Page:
Linear Obsessional is delighted to present a new solo album by the British vocalist Viv Corringham. On "Gum and Butts" Viv returns to London (she's now based in New York) and records in 6 unique sonic spaces, responding and reacting to the environment in real time. The result is a spellbinding mix of evocative field recordings and dazzling, "extended technique" vocalising. .
released 20 October 2013
This is a collection of live vocal improvisations with the city. They combine three activities I enjoy: wandering around London, listening to city sounds, and improvised singing. To make one of these works, I simply start to walk and record.
In 2002 some recordings I had made in this way were broadcast on London’s Resonance fm radio as a weekly series called Vocal Strolls. Richard Sanderson was splendidly enthusiastic about them at the time and has invited me to create a new collection for this album.
These works were all made on a visit from my new home in USA back to London in March and September 2013. It has been a great (and slightly nostalgic) pleasure to re-tread old walks and also to find new ones.
Recorded and Performed by Viv Corringham
Viv Corringham - Voice
London - Sounds
"Like a thief trying to leave no fingerprints, traditionally field recordists remain outside their own work. They breathe quietly, move stealthily and sit motionless beside microphones in forests as if they wish they were not there at all. As if they long to somehow capture this music of the environment without invading it in any way, because to be a figure in a landscape is to change the landscape.
A different approach is taken by Viv Corringham, for whom participation in the environment as she moves through it forms the core of the six tracks on Gum and Butts. Viv describes the disc as a collection of live vocal improvisations with the city. In her own words: ’They combine three activities I enjoy: Wandering around London, listening to city sounds, and improvised singing. To make one of these works, I simply start to walk and record. I think of the sound environment as an equal partner, like a fellow improviser at a gig. I try to avoid using it as an “interesting backdrop” for my vocals. I play a bit, it plays a bit and we play together.’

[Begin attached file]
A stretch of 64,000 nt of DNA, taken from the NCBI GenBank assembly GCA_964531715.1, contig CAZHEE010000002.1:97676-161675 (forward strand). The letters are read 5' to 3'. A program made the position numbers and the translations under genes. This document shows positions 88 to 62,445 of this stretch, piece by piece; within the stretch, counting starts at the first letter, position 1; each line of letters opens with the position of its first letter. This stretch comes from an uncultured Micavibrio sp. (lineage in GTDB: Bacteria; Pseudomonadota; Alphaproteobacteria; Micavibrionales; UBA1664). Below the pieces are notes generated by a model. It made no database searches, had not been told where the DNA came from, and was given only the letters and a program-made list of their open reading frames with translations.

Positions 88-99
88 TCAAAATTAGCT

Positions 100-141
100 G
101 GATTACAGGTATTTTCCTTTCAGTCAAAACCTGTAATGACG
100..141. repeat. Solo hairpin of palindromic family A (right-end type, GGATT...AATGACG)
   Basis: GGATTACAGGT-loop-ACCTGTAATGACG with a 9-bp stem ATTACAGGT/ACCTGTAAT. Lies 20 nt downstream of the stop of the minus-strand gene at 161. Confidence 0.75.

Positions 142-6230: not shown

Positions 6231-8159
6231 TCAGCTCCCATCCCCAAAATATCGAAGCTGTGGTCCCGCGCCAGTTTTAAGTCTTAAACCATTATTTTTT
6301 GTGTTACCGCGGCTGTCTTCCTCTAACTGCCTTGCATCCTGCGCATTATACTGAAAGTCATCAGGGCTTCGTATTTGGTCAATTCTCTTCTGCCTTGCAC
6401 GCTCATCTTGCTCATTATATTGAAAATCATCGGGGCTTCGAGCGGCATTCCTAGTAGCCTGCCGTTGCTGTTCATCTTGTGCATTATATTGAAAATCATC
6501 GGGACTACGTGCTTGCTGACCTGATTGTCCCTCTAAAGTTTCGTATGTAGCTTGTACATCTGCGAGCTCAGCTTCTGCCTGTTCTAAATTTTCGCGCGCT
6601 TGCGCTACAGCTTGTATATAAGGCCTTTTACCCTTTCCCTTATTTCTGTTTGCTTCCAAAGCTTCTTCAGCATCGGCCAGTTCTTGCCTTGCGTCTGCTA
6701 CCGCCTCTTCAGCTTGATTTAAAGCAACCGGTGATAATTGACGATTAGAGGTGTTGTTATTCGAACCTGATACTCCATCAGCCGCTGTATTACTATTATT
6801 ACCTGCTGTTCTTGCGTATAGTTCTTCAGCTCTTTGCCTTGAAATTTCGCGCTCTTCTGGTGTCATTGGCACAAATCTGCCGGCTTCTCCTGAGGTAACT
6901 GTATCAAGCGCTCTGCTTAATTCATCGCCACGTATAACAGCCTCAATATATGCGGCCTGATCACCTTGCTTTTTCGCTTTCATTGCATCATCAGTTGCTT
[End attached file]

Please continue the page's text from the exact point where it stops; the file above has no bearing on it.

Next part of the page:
The recordings are made in real time using binaural microphones. As might be expected of someone who is a certified teacher of Deep Listening and has spent time studying with Pauline Oliveros, Viv’s interpretations draw from the core and plumb the depths of each fleeting sound moment. Of course she starts with surfaces, but as the tracks progress elements within the melee are drawn out and illuminated. I see it as a learning experience for the artist and the listener, because contouring and interlacing the human voice intricately within an unpredictable cityscape requires an ever deeper attention to detail.
For the listener accustomed to the soundworld being left to unfold by itself and the anonymity, or even attempted non-existence of the artist, to have a woman suddenly respond to a whirring fan or a machine on a construction site by improvising a vocal around it can seem unsettling. It is exactly these original techniques that require us to recalibrate our focus and rethink ourselves out of ruts.